The 2010 Winter Olympic Games, hosted in Vancouver, British Columbia will soon become host to the world’s largest fleet of hydrogen fueled fuel-cell buses. 20 zero pollution, fuel cell powered transit buses will be debuted on a worldwide stage throughout the February event.
BC Transit, headquartered in Victoria, British Columbia, raised US$84 million for the project. Funding was provided by federal government of Canada ($45 million), the provincial ministry ($10 million), and BC transit ($34 million).
Each 40-foot bus will come equipped with 37 seats and a 60-person standing capacity. With a top speed of 90 (56 mph) km per hour these low-floor buses with 6 hydrogen tanks atop the roof will look and act similarly to a “normal bus,” with a few improvements, of course. These futuristic buses are twice as efficient as their internal combustion grandparents and produce no smog-creating emissions; only water will exit the tail pipe. Passengers will notice a smooth ride and no engine noise as it pulls away from the curb.
Each bus is powered by a 150-kilowatt(FCvelocity(TV)-HD6) hydrogen fuel cell manufactured by Ballard Power Systems. The cell is fueled with compressed hydrogen that is stored at up to 5,000 psi in six hydrogen cylinders on the roof.
“The fuel-cell buses will be stationed in a new, state-of-the-art facility in Whistler that will include hydrogen-safe maintenance bays and fueling infrastructure allowing for fast filling of the vehicles targeting 10 minutes,” said Tavin Tyler, director of ISE’s fuel cell bus programs. When the bus needs to stop, braking resistors reduce brake pad maintenance, improve handling, and aid in heating capacity for passenger comfort. The electronics are controlled by the latest ISE hybrid energy management system which handles power flow between the fuel cell, energy storage and the drive motors.
In order to match the specifications of a traditional bus, the hydrogen fuel-cell vehicles were thoroughly tested to ensure performance. The buses achieved a vehicle range of approximately 500km and an acceleration of zero to 50 kmph in less than 20 seconds. Since they will be operating in mountainous terrain, the fuel-cell vehicles were tested to handle an eight-percent constant grade and a 20 percent grade from a stand-still. In order to simulate overnight weather conditions in Whistler, the vehicles underwent overnight cold chamber soaks and performance driving at -20 degrees Celsius. There are no formalized codes yet for hydrogen vehicles, but the buses met Canadian road worthiness standards.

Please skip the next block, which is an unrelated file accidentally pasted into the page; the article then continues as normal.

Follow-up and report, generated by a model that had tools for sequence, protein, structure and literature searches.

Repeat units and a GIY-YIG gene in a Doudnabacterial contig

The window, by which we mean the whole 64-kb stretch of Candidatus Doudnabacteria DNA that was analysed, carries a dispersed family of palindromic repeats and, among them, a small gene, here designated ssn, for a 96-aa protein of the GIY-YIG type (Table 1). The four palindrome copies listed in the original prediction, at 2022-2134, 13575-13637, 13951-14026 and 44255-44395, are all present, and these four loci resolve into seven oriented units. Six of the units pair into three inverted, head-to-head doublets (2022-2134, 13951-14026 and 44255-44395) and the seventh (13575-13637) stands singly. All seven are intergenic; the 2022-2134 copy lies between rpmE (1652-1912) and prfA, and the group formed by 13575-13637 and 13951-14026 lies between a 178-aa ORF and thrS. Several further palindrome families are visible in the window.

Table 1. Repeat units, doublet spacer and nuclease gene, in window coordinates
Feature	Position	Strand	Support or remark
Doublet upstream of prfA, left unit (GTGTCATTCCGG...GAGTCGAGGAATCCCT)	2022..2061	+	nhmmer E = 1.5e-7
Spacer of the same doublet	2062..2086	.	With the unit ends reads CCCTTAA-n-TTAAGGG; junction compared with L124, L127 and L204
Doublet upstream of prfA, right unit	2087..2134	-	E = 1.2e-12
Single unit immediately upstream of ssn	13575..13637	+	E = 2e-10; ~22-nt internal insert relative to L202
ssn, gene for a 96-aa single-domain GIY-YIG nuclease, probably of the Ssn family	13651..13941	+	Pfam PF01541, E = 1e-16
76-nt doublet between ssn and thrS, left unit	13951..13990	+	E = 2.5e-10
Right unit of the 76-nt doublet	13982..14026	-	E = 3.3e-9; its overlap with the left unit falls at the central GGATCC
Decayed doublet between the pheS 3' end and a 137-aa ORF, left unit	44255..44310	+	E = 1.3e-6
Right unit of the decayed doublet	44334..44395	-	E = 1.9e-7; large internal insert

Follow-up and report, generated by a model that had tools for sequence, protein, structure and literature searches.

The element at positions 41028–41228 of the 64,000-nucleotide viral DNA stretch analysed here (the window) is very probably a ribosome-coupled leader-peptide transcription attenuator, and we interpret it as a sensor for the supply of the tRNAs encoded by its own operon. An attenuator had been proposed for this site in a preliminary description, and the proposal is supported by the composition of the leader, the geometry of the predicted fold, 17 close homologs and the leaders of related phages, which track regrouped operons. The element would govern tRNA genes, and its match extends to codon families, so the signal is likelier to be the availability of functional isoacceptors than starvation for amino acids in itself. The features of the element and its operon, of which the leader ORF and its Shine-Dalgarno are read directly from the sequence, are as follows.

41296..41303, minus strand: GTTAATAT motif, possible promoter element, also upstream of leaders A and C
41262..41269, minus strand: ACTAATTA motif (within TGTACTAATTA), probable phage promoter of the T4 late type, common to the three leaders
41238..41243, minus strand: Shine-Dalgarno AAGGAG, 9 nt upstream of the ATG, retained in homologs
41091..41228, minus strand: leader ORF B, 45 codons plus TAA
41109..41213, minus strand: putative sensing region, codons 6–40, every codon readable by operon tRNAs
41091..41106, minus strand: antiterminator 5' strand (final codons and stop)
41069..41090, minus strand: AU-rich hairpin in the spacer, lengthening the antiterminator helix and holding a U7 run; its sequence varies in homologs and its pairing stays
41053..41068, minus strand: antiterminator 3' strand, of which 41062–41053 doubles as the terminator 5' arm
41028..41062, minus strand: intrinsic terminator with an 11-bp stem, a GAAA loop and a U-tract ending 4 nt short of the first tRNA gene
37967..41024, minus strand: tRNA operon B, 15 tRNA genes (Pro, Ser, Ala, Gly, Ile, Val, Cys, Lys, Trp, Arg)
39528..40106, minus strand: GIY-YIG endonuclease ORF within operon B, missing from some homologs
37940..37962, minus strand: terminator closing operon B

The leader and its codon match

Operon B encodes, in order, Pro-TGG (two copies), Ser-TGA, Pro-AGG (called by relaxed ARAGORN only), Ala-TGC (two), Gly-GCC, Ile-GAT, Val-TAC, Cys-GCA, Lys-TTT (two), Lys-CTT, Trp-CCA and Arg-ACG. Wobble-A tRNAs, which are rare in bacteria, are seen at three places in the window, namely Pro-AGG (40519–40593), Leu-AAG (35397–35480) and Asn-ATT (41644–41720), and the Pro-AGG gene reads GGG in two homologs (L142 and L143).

At an individual cost of $2.1 million, each hydrogen fuel-cell bus runs about four times the cost of a conventional diesel bus, a price that has already dropped from $5 million just a few years ago. “It’s now probably dropped, at volumes of 20 or more, to below $2 million. It’s still quite expensive, but it is getting into the area where more agencies want to bring in a few vehicles and start promoting that volume to bring the price down even further,” ISE Corp. CEO Rick Sandler explained.
Total funding of $84 million covers capital and operating costs until March, 2014. Life cycle costs will be evaluated over the next few years to determine if fuel cell buses will be put into service in other regions.
The development of this hydrogen bus fleet demonstrates British Columbia’s commitment to fuel cell technologies, and is just part of the Province’s overall plan to cut greenhouse gas emissions by 33% by 2020. This fleet alone will reduce greenhouse gas emissions by 1800 tonnes per year in BC and will showcase cutting-edge fuel cell technology to the world.